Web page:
Was wondering if you could help me find Adam M. Jones, crew leader for Wildland Firefighters in Oregon.

Can you tell me the best way to get a message to him?


Adam, write in if you like and we'll put you in touch. Ab.

03/12 Dana,

The AD issue is a good one, but technically Ad's are not Federal employees, they are contractors, hired for a specific emergency.The FWFSA is only set up right now to represent Federal Employees.


03/12 From Firescribe:

Here's some info out of Washington:
Lawmakers, White House clash over wildfire funds

03/12 Gordon,
You have a good point which no one seems to be addressing.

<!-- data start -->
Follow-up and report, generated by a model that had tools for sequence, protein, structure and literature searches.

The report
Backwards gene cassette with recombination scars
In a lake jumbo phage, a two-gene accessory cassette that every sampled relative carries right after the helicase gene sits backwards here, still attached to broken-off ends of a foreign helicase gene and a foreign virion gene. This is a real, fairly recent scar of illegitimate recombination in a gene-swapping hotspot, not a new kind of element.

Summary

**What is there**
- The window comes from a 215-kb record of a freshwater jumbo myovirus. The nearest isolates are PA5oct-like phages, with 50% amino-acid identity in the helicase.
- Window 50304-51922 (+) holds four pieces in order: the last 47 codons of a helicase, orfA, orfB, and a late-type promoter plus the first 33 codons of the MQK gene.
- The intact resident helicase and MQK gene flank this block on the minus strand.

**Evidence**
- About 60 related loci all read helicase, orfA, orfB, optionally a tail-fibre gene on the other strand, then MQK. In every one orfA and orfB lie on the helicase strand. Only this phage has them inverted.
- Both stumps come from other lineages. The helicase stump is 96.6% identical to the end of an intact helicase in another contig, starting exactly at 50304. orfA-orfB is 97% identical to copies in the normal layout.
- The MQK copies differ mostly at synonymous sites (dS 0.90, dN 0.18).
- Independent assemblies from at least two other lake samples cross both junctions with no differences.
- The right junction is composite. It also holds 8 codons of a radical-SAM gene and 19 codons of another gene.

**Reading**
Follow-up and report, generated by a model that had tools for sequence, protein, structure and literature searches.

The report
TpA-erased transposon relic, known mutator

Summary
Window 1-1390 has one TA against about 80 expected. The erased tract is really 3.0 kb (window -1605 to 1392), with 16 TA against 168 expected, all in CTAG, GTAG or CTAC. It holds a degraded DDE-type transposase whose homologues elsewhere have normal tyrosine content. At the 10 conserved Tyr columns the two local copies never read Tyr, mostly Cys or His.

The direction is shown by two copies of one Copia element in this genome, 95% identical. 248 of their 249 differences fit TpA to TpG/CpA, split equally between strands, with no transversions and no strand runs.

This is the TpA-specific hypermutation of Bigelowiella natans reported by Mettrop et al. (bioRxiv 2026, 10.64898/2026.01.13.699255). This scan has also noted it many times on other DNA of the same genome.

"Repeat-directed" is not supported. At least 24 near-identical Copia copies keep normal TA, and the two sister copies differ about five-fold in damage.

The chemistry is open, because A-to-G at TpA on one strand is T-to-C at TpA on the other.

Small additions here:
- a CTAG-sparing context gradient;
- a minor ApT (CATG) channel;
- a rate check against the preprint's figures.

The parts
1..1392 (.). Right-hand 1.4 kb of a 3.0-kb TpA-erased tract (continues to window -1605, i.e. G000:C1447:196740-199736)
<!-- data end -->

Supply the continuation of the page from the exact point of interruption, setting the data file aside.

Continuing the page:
While I don't believe that contractors will be used more extensively because they are cheaper, ADs are another thing. For a long time we have all seen ADs used as a cheap labor pool mainly because they have no representation. Their pay lags far behind that of their fellow firefighters and if the FWFSA fails to address this issue they may be creating a problem down the road for the firefighters they do represent. The only way I can see ADs' not being used much more extensively to replace full time federal firefighters if P2P is implemented is if AD pay rates are brought to a level commensurate with full time federal firefighters. I know that the FWFSA may feel that this is beyond the scope of their mandate since they do not represent ADs but they should consider this as an issue that will affect the folks they do represent and include this issue in their current lobbying if they don't want it to lessen the positive impact on their membership and be forced to go back to the legislature later to recoup their losses.